Owning Your 5-9: How to Build Your Career Outside of Work

Regardless of how deep you are into your career, the idea of switching gears and going back to school can be intimidating.

Although university is typically seen as an experience for young adults, learning is a lifelong process that can do wonders for your career — regardless of age or experience. From higher paying jobs, to having a more impressive resumé, to being a more well-rounded person, there’s equally as much value and reward for mid-career professionals to advance their education as there is for those just starting out.

As someone with both bachelor’s and master’s degrees under her belt, Royal Roads University alumna Marianne O’Connor understands how critical continued education is for success. “The more education you get, the more opportunity it provides you,” she says. With constant changes to professional benchmarks and technologies, it’s important to have an education that complements your career aspirations. Whether you’re looking for a new job or you’d like to advance in your current field, here’s how to take your education to the next level without having to sacrifice work or family time.

Choose an adult-friendly school
After completing her undergraduate education, O’Connor thrived in management roles at highly successful retailers — but she still couldn’t shake the desire to keep learning and building upon her skills. “I think that there’s no con to learning more, keeping your brain active, socializing, networking with new people and having exposure to different teachers and educators,” she explains.

Pursuing further education mid-career can have a positive effect on everything from your work performance to your personal well-being, but it’s important to remember that your lifestyle isn’t the same as it was when you were 20 — and you need a school that understands that. To hone your search, look at schools that actively recruit working professionals. These institutions often provide a greater range of options for affordability, smaller class sizes and flexible program structures (such as the Blended Learning Model) to better meet your day-to-day needs.

Work efficiently and effectively
While student life is always hectic, being busy can quickly turn into an overwhelming amount of stress without proper planning. “Navigating personal, professional and social commitments are some of the things that you have to keep top of mind,” says O’Connor.

To make it all work, O’Connor recommends mastering prioritization, organization and productivity. This includes creating fixed entries in your calendar for things like studying and homework assignments. “If you are simply doing things as they come at you, you’re likely not going to be doing the right thing at the right time,” she says. “If you schedule things in, then you can work around them; whereas if you’re trying to add them in after you’re already booked [up], that’s when it begins to feel like you’re out of balance.”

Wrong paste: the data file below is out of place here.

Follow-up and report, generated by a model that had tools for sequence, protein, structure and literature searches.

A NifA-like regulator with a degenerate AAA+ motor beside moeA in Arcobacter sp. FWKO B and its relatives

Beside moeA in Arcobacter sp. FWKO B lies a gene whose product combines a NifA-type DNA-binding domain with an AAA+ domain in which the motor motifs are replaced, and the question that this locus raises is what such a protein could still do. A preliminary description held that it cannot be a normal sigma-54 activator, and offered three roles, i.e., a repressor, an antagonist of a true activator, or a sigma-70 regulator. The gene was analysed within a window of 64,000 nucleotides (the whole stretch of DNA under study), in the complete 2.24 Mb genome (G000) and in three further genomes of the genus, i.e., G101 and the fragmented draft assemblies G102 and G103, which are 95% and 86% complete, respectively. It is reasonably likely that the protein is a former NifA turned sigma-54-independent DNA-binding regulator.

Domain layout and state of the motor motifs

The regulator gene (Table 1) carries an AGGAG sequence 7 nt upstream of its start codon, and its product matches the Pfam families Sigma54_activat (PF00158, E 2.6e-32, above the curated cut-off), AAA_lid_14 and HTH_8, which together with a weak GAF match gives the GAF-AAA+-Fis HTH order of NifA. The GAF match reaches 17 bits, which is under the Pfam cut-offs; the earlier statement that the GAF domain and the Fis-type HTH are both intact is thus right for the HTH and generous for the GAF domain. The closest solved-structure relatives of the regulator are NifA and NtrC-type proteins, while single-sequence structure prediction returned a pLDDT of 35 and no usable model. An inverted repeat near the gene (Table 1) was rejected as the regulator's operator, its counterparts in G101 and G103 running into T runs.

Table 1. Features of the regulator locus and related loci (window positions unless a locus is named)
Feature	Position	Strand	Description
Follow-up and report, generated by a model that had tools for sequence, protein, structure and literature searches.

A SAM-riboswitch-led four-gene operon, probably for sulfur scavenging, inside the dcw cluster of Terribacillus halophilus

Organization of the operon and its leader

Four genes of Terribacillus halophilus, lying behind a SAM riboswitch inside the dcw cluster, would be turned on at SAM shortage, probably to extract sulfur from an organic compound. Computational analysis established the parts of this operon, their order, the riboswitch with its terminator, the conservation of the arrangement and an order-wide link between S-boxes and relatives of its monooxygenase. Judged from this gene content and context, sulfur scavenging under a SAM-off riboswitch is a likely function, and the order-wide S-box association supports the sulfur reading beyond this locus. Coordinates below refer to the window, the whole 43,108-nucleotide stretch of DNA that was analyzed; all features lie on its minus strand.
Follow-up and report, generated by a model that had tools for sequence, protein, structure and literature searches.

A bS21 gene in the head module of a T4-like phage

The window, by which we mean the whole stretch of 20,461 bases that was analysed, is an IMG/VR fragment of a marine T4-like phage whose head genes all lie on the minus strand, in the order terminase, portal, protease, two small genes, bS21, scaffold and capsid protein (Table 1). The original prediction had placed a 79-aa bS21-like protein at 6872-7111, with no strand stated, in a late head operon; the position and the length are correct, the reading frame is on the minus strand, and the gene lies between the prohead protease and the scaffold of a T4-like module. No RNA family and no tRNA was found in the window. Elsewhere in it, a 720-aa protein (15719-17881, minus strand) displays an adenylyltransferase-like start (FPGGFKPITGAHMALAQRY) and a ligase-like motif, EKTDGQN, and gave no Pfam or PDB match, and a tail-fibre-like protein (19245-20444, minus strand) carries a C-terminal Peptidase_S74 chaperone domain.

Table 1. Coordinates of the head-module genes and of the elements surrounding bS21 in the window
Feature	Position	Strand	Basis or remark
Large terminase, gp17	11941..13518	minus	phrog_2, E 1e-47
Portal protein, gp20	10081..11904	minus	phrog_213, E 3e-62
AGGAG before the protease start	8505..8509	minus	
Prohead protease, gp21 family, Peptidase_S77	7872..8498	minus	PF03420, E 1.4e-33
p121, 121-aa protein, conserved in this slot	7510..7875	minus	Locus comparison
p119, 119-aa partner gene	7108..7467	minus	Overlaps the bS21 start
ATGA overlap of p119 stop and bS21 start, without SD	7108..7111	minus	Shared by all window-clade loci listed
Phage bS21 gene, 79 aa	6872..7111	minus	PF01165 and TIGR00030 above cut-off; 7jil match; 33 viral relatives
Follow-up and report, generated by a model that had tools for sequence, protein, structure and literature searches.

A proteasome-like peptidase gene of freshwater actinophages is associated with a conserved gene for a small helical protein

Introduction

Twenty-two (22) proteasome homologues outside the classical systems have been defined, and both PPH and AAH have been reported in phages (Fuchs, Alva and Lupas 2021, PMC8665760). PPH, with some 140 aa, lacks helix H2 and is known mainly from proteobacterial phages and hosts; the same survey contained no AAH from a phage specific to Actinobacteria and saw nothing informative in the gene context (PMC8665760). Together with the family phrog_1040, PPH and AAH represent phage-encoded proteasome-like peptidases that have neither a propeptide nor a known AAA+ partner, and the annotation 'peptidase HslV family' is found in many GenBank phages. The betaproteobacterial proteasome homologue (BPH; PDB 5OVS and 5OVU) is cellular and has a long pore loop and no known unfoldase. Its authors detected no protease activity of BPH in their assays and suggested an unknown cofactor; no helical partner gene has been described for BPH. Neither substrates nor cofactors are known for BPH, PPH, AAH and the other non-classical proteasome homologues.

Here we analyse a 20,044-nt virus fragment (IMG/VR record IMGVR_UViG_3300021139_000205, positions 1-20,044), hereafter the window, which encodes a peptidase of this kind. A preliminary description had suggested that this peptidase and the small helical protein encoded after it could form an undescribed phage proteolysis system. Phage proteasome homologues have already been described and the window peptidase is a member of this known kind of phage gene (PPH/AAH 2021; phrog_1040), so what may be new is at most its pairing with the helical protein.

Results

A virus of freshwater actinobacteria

Look for financial aid
Regardless of age and background, paying for tuition and fees is a hard cost for most people to take on. To help offset this, see if your school offers any awards, loans or scholarships for your specific program, or for continuing education students in general. Additionally, if you’re looking to further your education but still stick with your current employer, be sure to look into whether they offer a tuition reimbursement program. If you make the case that your education will benefit your company, they may be willing to foot a portion of the bill.

Build a support network

Even if you have a solid support system at home, take the time to develop strong connections within the school itself. Connecting with other classmates can come in handy in case you miss a class or need help with an assignment. You can also check in with your student services office to see if there are any social or study groups that provide support for adults returning to school.

Create happiness habits
“It’s really important to develop practices that allow you to manage your stress and maintain your happiness,” says O’Connor. “You perform way better when your brain is in that positive state.”

To help ensure you’re making the most of your time and your brain power, find out which activities help keep your mood up. Whether it’s weekly nature walks, time spent with friends and family, meditation or keeping a journal of things you’re grateful for, make a habit of balancing the different areas in your life by making these activities a regular part of your week.

Going back to school isn’t always an easy choice. If you’re hesitant to begin the process, consider the opportunities that an additional degree would provide you with, such as learning practical new skills and expanding your professional (and personal) network. Your age and life experience aren’t an obstacle —in fact, they’re a leg-up in the process of understanding yourself and achieving your goals.